Sunday, December 05, 2004

You know, I think there's more anti-Catalan feeling in the rest of Spain now than there was ten or fifteen years ago. This is, of course, ridiculous when you think about it; there's no point in being anti any national or ethnic group. Individual Catalan people have done absolutely nothing to individual people from the rest of Spain, and vice versa, and you would think we'd all get together and realize this. But no.

I think a lot of the anti-Catalan feeling originates among a fairly small group of extreme Spanish nationalists. They are angered by the idea that a few extreme Catalan nationalists consider that they are not Spanish. They feel rejected, since these Catalans have chosen to reject a Spanish identity. Something that always goes along with feeling rejected is the reaction that those who rejected you consider themselves superior to you. Spanish nationalists therefore expand their dislike of extreme Catalan nationalists into a dislike of anything Catalan, and vice versa. We think it's all pretty childish, and from our perspective it is, but we do some things that seem pretty childish to them, so I suppose it more or less balances out.

Since Catalonia is a good bit richer than most other regions of Spain, it kicks in more tax money than most other regions of Spain. Some Catalans resent this and call for the Catalan government to receive all the taxes collected in Catalonia, rather than only a part of them. This is considered non-solidarious and selfish by Spanish nationalists; Catalan nationalists conclude that less hard-working Spaniards are ripping them off through the tax system. Add to this the fact that Catalan nationalist political groups have been decisive in four of the last five Spanish legislatures (González's last two terms, Aznar's first term, and then Zapatero's new term), and you get some Spanish nationalists going around complaining that Catalonia is far too influential in Spanish afairs and needs to be taken down to size.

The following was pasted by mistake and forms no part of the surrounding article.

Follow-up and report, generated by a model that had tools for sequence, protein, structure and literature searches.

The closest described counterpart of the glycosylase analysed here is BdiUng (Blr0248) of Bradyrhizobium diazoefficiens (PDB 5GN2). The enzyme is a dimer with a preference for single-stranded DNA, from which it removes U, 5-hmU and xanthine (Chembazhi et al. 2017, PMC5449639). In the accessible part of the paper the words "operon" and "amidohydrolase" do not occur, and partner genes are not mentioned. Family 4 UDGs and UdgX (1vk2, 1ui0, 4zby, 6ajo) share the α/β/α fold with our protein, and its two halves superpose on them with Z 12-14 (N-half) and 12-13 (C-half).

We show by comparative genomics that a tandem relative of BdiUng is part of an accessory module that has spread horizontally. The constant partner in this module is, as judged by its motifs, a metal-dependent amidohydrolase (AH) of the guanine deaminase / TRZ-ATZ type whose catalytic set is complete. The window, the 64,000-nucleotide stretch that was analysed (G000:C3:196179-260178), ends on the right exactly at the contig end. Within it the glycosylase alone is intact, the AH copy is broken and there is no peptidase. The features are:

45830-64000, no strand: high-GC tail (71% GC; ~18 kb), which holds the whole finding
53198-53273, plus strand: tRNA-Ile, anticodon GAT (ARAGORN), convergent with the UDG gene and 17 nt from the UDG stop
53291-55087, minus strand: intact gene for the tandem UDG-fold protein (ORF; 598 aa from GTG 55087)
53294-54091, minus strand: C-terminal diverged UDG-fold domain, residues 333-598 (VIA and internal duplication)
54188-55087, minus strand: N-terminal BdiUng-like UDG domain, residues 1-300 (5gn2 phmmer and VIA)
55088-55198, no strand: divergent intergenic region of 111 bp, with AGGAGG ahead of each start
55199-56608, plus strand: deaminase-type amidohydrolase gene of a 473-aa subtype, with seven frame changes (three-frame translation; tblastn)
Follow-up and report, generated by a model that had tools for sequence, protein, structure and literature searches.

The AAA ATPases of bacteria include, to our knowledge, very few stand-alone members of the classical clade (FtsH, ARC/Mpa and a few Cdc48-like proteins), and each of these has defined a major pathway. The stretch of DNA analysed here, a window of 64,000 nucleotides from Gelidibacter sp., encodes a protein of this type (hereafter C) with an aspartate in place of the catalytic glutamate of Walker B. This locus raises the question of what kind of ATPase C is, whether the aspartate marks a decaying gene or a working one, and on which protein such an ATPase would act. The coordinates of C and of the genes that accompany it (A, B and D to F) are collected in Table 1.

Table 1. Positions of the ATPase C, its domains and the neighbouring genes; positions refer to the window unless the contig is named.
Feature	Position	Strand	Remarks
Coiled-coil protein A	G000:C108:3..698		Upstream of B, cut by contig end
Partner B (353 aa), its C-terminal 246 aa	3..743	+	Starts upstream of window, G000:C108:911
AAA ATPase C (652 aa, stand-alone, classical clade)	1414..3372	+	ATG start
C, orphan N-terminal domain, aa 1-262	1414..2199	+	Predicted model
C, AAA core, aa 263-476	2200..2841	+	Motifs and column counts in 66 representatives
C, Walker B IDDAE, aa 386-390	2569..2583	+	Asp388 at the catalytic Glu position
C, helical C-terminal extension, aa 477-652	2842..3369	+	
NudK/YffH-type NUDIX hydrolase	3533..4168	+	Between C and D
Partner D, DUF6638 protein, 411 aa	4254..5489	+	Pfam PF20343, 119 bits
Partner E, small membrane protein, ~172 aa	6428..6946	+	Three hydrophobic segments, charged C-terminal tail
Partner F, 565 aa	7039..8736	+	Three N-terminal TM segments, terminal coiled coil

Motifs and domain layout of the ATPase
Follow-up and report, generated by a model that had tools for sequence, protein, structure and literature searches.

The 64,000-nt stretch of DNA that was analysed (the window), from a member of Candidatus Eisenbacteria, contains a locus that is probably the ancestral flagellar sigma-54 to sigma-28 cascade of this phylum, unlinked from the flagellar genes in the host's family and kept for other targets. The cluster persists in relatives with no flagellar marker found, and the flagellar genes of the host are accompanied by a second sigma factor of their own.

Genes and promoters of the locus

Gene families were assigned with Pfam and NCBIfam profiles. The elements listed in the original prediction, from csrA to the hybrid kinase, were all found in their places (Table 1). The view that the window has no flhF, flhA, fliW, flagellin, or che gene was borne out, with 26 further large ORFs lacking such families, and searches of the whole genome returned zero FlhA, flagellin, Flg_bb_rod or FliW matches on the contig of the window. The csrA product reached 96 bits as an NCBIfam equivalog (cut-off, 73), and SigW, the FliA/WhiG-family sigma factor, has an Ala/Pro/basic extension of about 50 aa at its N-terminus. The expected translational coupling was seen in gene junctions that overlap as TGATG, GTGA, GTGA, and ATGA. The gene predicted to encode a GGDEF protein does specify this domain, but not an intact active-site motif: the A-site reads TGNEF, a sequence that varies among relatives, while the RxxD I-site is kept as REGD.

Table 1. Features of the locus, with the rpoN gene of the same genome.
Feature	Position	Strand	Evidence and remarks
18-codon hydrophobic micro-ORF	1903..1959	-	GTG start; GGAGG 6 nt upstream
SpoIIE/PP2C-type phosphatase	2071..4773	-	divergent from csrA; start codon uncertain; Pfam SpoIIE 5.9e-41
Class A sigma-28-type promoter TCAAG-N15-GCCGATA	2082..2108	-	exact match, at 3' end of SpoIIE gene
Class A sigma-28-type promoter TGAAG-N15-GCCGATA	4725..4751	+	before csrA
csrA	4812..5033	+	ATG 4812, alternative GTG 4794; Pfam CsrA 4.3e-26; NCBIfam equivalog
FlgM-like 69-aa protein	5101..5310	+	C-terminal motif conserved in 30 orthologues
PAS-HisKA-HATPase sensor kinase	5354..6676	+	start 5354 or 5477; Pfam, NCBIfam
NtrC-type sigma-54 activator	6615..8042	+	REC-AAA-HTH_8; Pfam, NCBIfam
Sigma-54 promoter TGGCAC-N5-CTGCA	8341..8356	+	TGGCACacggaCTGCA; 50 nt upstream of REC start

Recently we've seen an outburst of minor incidents that are all adding up together to provide a climate of irritation. A key issue, of all things, is the damn water plan. Remember? They were going to transport water from the Río Ebro down to Valencia and Murcia. Catalonia and Aragon bitterly opposed the measure, which was shot down when the Socialists won the last elections. So Valencia and the southeast are really p.o.ed at the Catalans. Another one is the damn sports teams. Some Catalan nationalists really, really want their own sports teams. Spanish nationalists will not tolerate this attempt at athletic separatism. There's no middle ground on this question, and a lot of Spanish nationalists are feeling triumphant right now. It's goddamn roller hockey, for Jesus H. Christ's everloving sake. Add to that the stink about whether the Valencian dialect is a form of Catalan or its own language, and the extreme Catalan nationalists' very irresponsible public outcry against the new European Constitution because it doesn't recognize Catalan as an official language, and you've got mucho bad feeling building up on both sides.

Then that demagogue Carod-Rovira, who is completely irresponsible, went off and demanded that Catalonia not support Madrid's bid for the 2012 Olympics in revenge for alleged pressure applied by Spanish nationalists to the goddamn international roller-hockey federation. Everybody agrees that was just going too far, even most Catalanistas. So did Carod do something to soothe the savage breast, like say apologize? Of course not. Then some fuel was added to the fire when the Catalan wine-growers' association (heavily subsidized by the Generalitat) made much publicity of the "fact" that Catalan wines had beaten out Rioja wines in allegedly blind taste tests that they paid for. Reaction? There's a grass-roots Spanish nationalist campaign now going around calling for a boycott of cava, Catalan sparkling wine, at Christmas this year.


Sorry. Hope I made myself clear.

Wine suggestions: I'm no wine snob. I like inexpensive wine. Not wine-in-a-box, you know, stuff that comes in bottles with corks and costs five bucks or so. If you want red, try Torres Sangre de Toro and Raimat Cabernet Sauvignon from Catalonia, Señorio de Sarriá from Navarra, and Campo Viejo, Siglo, and Marqués de Caceres from La Rioja. For whites, Alella Marfil, Torres Viña Sol, Marqués de Monistrol, and the no-name stuff that comes from Verdú that we buy in four-liter jugs out in the pueblo are all just fine. They're all from Catalonia. I like Anna de Codorniu, Segura Viudas, and Torelló Brut Nature cavas.

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